Our first night in Bali was a total sensory overload!
If you like this Bali piece, check out our others.
Getting to Denpasar was very easy.
A cheap cab ride to the airport, easy check-in (thanks to Raffles Class on Singapore Airlines), and some quick duty-free shopping for Absolut and Clinique, and we are happy to begin our Bali adventure. I haven’t even mentioned the great lunch and drinks they provide in the Raffles lounge.
Our flight is a mere 2.5 hours from Singapore to Denpasar, and other than facing the unexpected $25.00 US each for visas (only required as of Feb. 1) coming into Denpasar, we are home free. We even have the luxury of having a driver meet us at the airport (as part of our hotel package) to drive us to the hotel. We clear customs and walk out into the arrivals hall to a sea of signs welcoming Mr. This or Ms. That and Family So and So until, scanning the crowd, I see “Welcome, Mr. George” emblazoned on a sign. We are whisked away by our escort, “Madé” and his trusty driver and told that we have a 30-minute drive to our Bali accommodation, “depending on traffic”. Our Bali adventure has begun!
It’s Nyepi Eve in Bali
We have landed on the eve of a major Balinese holiday weekend called Nyepi, the Balinese Hindu New Year. This occurs on the darkest night of the new moon and is a time of balancing good and evil. From dawn on Sunday to sunrise the following morning, the entire island will “play dead” in observance of the holiday. All harbours will close, as will the airport, vehicular traffic will cease, and everyone will remain in the confines of their homes/hotels.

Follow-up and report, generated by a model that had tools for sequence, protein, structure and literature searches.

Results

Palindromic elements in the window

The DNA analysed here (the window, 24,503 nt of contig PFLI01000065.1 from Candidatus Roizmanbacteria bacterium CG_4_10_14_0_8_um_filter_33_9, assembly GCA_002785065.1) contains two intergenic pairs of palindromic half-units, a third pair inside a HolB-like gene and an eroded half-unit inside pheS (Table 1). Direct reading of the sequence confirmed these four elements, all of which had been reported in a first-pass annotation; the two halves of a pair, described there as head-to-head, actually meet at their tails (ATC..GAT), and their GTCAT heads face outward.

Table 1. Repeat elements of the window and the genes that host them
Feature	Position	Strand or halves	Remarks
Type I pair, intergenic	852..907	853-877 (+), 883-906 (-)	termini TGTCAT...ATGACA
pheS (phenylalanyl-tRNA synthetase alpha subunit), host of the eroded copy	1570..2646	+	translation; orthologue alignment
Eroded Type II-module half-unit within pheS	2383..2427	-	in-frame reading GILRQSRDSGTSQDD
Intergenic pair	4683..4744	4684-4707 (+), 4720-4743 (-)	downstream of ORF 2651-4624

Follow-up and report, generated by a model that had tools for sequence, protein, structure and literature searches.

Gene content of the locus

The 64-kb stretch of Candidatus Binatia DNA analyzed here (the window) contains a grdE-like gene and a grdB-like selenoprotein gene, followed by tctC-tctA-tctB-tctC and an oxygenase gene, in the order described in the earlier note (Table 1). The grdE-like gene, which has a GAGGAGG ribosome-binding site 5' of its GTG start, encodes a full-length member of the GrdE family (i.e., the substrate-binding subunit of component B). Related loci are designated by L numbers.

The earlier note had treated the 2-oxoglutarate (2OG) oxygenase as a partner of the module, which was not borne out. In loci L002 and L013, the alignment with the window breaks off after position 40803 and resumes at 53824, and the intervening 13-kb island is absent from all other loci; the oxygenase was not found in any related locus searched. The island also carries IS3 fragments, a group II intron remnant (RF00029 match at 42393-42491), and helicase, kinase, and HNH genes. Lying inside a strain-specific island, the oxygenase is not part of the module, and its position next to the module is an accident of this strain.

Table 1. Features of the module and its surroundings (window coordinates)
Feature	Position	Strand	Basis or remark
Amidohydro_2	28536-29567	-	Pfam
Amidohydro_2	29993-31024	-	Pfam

The festival actually goes for 3 days – the day of silence is only 1 of those days – and many ritual purifications take place even before it starts. As we drive from the airport, we see sarung-clad “percalang”, Bali’s religious police, redirecting traffic away from temples where celebrations occur.
We arrive fairly on time after detours around celebrants of Melasti, who have been performing ritual purification of religious paraphernalia such as Balinese cloth umbrellas, statues (and there are a lot!), spears and other sacred objects kept in homes or temples. We are a little overwhelmed and unsure of our direction, watching and hearing the cacophony around us. We check into our Bali oasis, the Bali Agung Village, strangely cut into the back alleys and roads of Seminyak and settle into our simple room. The grounds appear beautiful, and a shimmering pool beckons us to swim. We grab a beer, and I dangle my feet while John jumps in. The staff is quietly gracious and always there, beaming smiles and all. We appear to be the only ones here this evening. It is gloriously quiet except for tree frogs and some other undecipherable small animal noise.